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Does (processing) power corrupt?


Norton
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Take 2 PCs, for example one a top end i7 and one Atom- based, running identical software for OS and replay, not presenting a difficult load to either machine (straightforward "native" bit perfect replay), powered by same LPSU and connected via USB to the same DAC (not at the same time) with no audiophile USB cards or isolating devices.

 

Which will sound best:

 

A i7

B Atom

C no difference

 

and if the answer is that the best sound comes from the machine with the lowest processing power capable of doing the job, what motherboard/CPU would you recommend for audio applications that don't need lots of processing power?

 

Ta

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C-no difference.

 

Now everyone else can tell you how wrong-headed I am.

 

I did for about 3 years use an Atom netbook as my computer music source. It was a low powered unit with only 2 gig of ram, and the lowly Atom CPU.

 

Didn't sound any different over USB than a big powerful desktop server machine or more powerful modern laptop machines. I did not use LPS on any of them. Though I could run the netbook and laptops from battery.

 

I consider this a good question. If playback is bothered by electrical activities leaking out it certainly seems the usual assumption newer more powerful machines doing various additional processing will sound better is a dubious assumption.

And always keep in mind: Cognitive biases, like seeing optical illusions are a sign of a normally functioning brain. We all have them, it’s nothing to be ashamed about, but it is something that affects our objective evaluation of reality. 

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The higher powered PC will allow you to do more things. Like, run HQPlayer with all its settings maxed out. I am using an i7-6700, and with HQPlayer running 8 channels of convolution, my CPU load is something like 80% at DSD256. In reality I am not able to run DSD256 because the computer tends to overheat and shut down because my case is passively cooled.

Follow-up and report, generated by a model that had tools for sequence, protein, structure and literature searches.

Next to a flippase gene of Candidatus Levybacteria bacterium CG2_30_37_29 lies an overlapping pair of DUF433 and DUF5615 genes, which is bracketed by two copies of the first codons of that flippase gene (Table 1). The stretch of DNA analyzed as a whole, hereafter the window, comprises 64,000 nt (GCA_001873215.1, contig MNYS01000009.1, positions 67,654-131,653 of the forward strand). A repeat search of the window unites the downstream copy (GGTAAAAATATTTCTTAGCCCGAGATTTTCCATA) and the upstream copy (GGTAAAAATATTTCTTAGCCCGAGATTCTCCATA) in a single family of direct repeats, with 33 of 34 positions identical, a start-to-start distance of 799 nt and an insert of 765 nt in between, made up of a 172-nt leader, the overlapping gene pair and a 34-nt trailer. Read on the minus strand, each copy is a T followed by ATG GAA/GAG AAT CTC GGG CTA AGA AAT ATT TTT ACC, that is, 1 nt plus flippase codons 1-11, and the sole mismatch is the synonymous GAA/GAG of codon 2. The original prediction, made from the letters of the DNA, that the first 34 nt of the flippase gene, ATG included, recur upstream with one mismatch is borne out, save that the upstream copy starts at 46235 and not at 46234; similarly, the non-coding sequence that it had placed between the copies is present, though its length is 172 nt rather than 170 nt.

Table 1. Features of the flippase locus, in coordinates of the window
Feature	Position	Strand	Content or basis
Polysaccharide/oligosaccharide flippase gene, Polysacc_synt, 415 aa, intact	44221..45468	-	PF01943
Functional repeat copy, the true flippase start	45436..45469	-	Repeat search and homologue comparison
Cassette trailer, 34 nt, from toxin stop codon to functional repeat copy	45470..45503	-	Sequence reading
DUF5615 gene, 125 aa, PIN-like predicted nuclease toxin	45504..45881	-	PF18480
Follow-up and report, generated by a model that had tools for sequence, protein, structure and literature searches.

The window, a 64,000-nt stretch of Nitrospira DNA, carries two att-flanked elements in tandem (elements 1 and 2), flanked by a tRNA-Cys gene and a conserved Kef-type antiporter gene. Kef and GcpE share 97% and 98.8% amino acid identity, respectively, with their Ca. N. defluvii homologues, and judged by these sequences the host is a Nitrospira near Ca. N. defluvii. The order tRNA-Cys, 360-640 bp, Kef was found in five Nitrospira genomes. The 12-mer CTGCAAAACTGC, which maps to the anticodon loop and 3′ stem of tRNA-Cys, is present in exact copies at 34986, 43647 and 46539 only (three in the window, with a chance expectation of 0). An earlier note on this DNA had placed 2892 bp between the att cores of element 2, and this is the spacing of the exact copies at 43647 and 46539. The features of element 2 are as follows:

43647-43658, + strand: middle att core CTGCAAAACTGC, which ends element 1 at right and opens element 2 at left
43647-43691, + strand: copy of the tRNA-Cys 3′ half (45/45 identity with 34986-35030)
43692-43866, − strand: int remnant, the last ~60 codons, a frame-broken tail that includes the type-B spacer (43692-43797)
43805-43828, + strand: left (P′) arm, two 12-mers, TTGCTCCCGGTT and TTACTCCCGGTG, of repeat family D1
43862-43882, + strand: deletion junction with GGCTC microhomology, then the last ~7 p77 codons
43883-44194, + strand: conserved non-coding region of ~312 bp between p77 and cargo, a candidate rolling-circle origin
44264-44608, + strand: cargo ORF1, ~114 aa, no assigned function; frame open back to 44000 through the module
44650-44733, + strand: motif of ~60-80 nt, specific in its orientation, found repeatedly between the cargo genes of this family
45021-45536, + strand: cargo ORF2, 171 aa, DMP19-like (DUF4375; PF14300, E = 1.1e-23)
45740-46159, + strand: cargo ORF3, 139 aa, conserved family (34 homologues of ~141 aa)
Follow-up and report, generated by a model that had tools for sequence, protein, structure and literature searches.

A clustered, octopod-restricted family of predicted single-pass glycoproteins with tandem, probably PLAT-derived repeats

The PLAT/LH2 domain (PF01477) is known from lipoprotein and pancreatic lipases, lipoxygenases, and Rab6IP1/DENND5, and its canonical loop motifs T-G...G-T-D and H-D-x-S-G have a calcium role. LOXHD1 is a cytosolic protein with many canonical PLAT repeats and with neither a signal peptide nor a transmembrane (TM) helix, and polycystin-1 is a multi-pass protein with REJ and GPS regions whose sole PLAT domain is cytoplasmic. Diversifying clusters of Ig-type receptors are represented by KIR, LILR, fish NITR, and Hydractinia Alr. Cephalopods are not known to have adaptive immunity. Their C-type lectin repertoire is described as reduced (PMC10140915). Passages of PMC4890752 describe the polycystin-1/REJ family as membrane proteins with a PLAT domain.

However, if you do not need all that CPU power (e.g. you don't need DSD, don't need so many convolution channels, not planning to upsample, etc) you should get the lowest power CPU you can get away with. Not only will you save money, but you also can get away with less cooling.

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The higher powered PC will allow you to do more things. Like, run HQPlayer with all its settings maxed out. I am using an i7-6700, and with HQPlayer running 8 channels of convolution, my CPU load is something like 80% at DSD256. In reality I am not able to run DSD256 because the computer tends to overheat and shut down because my case is passively cooled.

 

However, if you do not need all that CPU power (e.g. you don't need DSD, don't need so many convolution channels, not planning to upsample, etc) you should get the lowest power CPU you can get away with. Not only will you save money, but you also can get away with less cooling.

 

If it's a general purpose PC that is also used for video editing and video format conversions, you will need the much faster machine ,or it may not be feasible. Many new videos and music videos are now available in 4K resolution, and if you want to convert them to 1920 x 1080 to play through your TV it will take forever, assuming that it even able to do so.

A much faster machine is also likely to push RF/EMI much further up the spectrum with less resulting degradation.

There was an article in HiFi Critic magazine a while back that delved into this issue and recommended the faster processor for best results.

 

How a Digital Audio file sounds, or a Digital Video file looks, is governed to a large extent by the Power Supply area. All that Identical Checksums gives is the possibility of REGENERATING the file to close to that of the original file.

PROFILE UPDATED 13-11-2020

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